At ethical elephant, we always assess a company’s cruelty-free policy using our Cruelty-Free Checklist. This ensures no animal testing was performed by the brand itself, its suppliers, or by any third parties, including when required by law.

See below for our complete cruelty-free checklist. Since Caudalie already does not meet the last two, we cannot classify the brand as being cruelty-free.

Complete Cruelty-Free Checklist

Is Caudalie Certified Cruelty-Free?

Caudalie is not certified cruelty-free by any third-party cruelty-free certifications like Leaping Bunny or PETA.

Since Caudalie is not certified cruelty-free by a third party, no one is substantiating or auditing Caudalie’s cruelty-free commitments and claims.

Does Caudalie Test on Animals?

To wrap up, Caudalie allows its products to be tested on animals when required by law, like when selling in China. Therefore, we would NOT consider Caudalie to be a cruelty-free brand.

Currently, Caudalie is on our List of Brands to Avoid – Animal Tested.

Is Caudalie Vegan?

Caudalie is NOT vegan. Caudalie claims to offer some “vegan” options that are free of animal-derived ingredients, but Caudalie engages in animal testing in some capacity, so we wouldn’t consider any Caudalie products vegan at this time.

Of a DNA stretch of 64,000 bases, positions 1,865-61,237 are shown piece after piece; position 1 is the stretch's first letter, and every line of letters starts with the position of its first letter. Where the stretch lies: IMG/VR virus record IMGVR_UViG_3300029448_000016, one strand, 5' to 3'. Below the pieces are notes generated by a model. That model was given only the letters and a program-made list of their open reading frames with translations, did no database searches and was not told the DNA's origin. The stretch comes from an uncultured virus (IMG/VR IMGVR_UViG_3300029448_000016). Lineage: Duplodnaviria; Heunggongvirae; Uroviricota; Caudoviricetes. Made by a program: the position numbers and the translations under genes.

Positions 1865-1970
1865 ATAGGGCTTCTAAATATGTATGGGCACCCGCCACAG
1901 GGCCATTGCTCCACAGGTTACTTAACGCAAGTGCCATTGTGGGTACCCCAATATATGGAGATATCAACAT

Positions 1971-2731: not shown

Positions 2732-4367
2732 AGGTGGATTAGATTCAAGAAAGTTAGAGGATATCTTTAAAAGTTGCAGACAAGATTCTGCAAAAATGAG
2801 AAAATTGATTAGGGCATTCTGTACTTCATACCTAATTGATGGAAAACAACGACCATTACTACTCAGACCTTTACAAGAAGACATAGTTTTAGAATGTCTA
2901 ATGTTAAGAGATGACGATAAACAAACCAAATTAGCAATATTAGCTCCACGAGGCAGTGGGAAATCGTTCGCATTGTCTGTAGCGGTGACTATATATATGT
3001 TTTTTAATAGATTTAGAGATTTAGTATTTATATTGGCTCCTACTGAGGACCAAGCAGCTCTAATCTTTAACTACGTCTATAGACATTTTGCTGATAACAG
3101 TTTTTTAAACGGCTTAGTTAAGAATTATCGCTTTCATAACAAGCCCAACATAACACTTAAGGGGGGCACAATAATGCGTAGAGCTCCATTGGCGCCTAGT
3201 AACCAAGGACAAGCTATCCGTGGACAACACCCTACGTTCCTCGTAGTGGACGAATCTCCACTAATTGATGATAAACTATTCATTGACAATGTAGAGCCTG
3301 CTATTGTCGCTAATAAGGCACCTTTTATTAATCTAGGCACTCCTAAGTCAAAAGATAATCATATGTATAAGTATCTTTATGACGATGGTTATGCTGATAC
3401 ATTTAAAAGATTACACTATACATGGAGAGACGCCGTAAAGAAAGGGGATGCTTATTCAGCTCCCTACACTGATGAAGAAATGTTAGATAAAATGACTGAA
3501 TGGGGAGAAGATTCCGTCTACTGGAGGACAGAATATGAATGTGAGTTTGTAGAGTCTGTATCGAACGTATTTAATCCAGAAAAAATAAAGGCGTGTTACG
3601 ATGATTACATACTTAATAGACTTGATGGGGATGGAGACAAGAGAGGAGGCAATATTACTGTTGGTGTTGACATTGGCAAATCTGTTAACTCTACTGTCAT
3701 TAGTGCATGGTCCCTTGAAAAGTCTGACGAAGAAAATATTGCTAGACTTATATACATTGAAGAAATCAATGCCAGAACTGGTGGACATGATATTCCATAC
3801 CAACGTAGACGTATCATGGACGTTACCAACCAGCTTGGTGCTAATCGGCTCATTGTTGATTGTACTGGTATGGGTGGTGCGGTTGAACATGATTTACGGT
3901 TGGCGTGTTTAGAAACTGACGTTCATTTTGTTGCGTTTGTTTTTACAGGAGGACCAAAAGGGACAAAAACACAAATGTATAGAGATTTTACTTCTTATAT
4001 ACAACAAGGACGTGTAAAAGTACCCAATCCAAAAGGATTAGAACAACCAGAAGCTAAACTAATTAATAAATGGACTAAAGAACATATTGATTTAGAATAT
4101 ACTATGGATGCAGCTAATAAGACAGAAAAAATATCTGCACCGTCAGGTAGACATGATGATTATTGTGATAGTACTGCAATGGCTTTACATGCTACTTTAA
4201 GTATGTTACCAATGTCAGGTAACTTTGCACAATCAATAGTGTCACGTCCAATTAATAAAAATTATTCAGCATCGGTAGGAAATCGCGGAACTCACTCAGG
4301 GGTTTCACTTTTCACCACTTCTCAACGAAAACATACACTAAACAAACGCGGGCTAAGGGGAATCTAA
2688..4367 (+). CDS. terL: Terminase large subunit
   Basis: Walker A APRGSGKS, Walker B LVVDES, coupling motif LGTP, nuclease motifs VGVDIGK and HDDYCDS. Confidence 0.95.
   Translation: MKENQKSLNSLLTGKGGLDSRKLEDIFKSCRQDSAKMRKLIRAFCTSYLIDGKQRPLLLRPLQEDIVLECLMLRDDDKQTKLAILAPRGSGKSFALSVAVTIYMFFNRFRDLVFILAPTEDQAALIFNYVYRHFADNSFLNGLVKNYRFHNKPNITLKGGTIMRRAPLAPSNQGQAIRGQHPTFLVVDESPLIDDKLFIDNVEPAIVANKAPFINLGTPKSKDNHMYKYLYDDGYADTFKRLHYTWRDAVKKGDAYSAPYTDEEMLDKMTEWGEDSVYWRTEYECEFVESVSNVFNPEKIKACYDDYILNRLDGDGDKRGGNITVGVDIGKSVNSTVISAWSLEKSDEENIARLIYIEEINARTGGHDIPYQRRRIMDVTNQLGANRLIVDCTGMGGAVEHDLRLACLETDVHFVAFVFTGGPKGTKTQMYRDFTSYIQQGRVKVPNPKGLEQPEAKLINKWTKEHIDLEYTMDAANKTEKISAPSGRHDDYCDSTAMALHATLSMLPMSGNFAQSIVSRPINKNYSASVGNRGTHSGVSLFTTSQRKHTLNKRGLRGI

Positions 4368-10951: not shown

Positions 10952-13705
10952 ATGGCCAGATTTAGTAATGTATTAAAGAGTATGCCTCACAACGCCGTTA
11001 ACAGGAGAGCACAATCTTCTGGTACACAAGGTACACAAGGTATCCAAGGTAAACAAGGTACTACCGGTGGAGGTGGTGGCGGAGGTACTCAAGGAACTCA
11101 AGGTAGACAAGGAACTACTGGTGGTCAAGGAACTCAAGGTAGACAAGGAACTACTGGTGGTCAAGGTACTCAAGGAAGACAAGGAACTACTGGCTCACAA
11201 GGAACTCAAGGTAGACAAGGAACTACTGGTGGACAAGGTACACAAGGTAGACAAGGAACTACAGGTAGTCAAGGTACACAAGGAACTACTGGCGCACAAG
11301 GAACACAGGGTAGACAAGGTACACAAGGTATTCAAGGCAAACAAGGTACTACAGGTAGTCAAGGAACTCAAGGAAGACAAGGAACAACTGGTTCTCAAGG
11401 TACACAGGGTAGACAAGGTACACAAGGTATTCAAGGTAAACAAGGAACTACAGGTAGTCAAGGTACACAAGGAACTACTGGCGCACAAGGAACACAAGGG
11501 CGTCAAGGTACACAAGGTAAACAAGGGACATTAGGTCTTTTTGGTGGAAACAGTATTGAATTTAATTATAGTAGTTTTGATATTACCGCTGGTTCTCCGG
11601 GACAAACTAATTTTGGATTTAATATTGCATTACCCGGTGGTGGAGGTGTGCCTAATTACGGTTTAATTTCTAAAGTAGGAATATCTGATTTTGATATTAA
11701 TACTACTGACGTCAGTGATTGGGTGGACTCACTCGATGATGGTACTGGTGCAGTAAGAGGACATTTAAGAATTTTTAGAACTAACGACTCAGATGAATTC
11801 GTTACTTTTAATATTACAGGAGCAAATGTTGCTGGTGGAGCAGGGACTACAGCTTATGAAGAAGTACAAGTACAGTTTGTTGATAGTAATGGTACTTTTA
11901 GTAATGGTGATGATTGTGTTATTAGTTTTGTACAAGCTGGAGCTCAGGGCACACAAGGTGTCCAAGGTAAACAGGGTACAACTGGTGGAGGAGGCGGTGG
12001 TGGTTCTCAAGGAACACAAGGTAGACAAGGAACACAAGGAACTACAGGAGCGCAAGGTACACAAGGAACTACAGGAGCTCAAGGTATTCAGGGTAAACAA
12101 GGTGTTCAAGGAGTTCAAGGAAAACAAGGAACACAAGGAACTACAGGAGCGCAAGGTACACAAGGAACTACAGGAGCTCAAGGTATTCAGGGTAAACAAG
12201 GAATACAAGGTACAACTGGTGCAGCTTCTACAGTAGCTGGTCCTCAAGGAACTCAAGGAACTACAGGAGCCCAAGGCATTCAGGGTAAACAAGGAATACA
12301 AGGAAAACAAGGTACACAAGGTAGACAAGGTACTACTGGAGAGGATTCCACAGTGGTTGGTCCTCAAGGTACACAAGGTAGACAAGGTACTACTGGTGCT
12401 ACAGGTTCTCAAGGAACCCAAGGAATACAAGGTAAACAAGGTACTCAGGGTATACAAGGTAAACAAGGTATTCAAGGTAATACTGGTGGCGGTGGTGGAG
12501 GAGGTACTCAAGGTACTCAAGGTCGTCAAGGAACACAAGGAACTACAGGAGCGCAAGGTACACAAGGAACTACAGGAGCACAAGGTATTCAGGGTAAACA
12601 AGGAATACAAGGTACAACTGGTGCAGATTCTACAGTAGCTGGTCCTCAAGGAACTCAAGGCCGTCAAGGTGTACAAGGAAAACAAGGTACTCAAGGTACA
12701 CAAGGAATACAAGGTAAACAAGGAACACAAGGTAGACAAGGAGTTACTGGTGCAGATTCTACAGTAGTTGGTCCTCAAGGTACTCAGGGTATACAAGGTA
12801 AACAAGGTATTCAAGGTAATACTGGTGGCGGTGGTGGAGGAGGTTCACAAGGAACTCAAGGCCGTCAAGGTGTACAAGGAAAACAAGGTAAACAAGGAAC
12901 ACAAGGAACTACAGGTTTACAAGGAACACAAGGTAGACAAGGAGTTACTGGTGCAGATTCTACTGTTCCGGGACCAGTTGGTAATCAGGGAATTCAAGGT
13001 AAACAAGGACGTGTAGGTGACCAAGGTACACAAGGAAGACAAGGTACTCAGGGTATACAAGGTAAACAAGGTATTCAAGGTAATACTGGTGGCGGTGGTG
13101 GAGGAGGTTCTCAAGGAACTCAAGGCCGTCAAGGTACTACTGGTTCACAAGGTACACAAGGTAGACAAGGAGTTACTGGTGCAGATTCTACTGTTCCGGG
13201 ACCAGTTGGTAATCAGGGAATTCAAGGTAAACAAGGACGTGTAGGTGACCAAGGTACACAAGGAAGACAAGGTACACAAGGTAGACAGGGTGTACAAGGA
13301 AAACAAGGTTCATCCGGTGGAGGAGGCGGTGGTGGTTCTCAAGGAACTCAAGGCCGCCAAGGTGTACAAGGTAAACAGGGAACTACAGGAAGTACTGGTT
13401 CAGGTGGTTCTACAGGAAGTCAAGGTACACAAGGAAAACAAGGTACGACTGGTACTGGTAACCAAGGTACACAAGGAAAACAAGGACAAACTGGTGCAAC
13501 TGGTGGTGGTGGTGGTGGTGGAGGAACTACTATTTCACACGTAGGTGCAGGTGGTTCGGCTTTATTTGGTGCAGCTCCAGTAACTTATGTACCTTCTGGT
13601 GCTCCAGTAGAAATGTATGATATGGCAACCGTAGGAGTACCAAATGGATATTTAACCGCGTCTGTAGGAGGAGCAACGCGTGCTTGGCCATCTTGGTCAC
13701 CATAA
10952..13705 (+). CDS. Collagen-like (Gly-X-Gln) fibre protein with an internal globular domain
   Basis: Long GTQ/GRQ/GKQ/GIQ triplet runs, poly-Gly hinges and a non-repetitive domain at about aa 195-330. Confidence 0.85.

See below for a screenshot of what’s currently stated on Caudalie’s website about its “vegan” claims:

In order for products to be considered vegan by ethical elephant’s standards, the products and their ingredients must not be tested on animals anywhere in the world. Also, they must not contain any animal-derived ingredients or by-products.

I also noticed Sephora listing some of Caudalie products in their “Vegan Skincare” category but note that Caudalie is NOT cruelty-free. Caudalie products are tested on animals.

I’m assuming Sephora is labeling products as “vegan” when they’re formulated without any animal ingredients or by-products. But “Vegan” Cosmetics should also consider whether the products or its ingredients were tested on animals, anywhere in the world.

Cruelty-free Alternatives to Caudalie:

There are plenty of cruelty-free and natural skincare alternatives to Caudalie, here are some of my personal cruelty-free recommendations: